The Fundamentals of Timing in a Story

Timing is everything. It is simple and yet complex.

When you write, if you use poetic elements, there is a rhythm and therefore a pace. When you have a pace in a story, there is an element of timing. 

What is timing? How are you supposed to keep an eye on it and make sure it runs smoothly? Here is a brief scene I wrote specifically for this post. Notice the purposely delayed introduction of a character as well as the deliberate diversion of the conversation:

Janet waited in her darkened kitchen sitting at the island with her hands around her now-lukewarm coffee mug. She heard her husband’s car pull into the drive, and then he slammed the car door as he got out. Though she couldn’t hear his footsteps, she counted the seconds until the side door creaked open, and he stepped in—still wearing his gray business suit with his coat draped over his arm, and he carried his briefcase.

He looked at her—surprised to see her. “Sorry I’m late. Meeting ran long and traffic was a pain.” He closed the door with his foot. “Why are you still up? You never wait for me.”

He was right. She usually went to bed at nine o’clock whether or not he was home. Her daily headaches hindered her staying up later than that, but this evening was different. Her headache still split her skull, but a more important matter kept her awake—the man sitting in the chair in the shadows behind her husband. He came for answers—of a life her husband knew nothing about. She had intended to tell him one day—today even, but she saw the exhaustion in his face. He faced his daily battles at work, and he didn’t need to come home and stress some more. Home was to be his haven, and if she could give him one more night of peace, she would.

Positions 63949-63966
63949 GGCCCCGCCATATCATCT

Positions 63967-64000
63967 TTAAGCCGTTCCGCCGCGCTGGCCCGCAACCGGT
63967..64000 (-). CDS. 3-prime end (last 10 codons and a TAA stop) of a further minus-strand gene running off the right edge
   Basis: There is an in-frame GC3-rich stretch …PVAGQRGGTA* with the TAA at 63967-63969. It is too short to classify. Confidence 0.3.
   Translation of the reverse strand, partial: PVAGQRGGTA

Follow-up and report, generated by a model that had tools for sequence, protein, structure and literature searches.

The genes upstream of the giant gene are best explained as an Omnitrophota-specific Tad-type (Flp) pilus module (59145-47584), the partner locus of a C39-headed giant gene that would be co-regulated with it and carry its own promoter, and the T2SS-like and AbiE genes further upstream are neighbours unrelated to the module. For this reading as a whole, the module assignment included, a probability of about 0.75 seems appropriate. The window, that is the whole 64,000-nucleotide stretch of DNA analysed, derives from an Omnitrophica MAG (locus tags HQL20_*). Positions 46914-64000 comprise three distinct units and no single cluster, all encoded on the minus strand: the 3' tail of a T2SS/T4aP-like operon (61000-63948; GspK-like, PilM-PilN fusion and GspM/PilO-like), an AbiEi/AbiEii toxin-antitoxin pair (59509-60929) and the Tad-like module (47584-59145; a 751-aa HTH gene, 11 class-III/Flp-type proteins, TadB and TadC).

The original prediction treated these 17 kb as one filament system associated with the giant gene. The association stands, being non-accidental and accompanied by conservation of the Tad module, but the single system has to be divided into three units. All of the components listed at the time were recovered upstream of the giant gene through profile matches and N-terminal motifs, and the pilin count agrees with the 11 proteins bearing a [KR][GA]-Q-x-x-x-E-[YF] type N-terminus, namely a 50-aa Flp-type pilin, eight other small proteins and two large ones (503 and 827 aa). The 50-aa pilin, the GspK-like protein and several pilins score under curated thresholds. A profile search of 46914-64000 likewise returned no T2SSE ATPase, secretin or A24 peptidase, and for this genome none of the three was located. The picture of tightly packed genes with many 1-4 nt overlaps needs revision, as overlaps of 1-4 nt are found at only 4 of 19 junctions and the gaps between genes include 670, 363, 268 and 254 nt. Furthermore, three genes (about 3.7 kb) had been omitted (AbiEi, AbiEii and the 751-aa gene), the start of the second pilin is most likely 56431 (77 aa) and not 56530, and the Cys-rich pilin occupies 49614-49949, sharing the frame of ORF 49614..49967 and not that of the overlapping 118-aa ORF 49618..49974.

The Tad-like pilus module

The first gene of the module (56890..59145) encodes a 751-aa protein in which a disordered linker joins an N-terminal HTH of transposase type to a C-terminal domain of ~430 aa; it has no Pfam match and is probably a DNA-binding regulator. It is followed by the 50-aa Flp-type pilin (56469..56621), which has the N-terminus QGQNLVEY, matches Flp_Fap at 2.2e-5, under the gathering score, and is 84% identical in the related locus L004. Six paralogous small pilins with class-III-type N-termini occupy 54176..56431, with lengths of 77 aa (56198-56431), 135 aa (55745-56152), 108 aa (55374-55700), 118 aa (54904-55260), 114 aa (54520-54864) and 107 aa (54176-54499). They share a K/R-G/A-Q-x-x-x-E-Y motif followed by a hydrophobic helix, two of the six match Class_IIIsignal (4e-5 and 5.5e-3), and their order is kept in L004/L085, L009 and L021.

I was just worried about you.” She smiled as she rose to her feet and went to him, kissing his cheek. “But of course there’s nothing to worry about. Why don’t you go upstairs and freshen up? I’ll be up there soon.”

Yeah—sure.” He bobbed his head as he headed for the stairs. When he moved passed her, Janet locked eyes with the silent man in their living room. She would give him the answers he wanted, but just one more night of peace in the comfort of their routine.

The man nodded but remained seated. He had time—he always had time.

In real life there might be a time when you have to tell someone something important, but you wait for the right time to tell them. This can be applied to stories. Just like Janet knew of the silent man’s presence in the house and the importance of her husband knowing, she also knew her husband didn’t need to know at that specific time. It’s okay for characters to keep information to themselves so long as they know why. This tactic builds tension and adds another dimension to the scene as well as depth to the characters.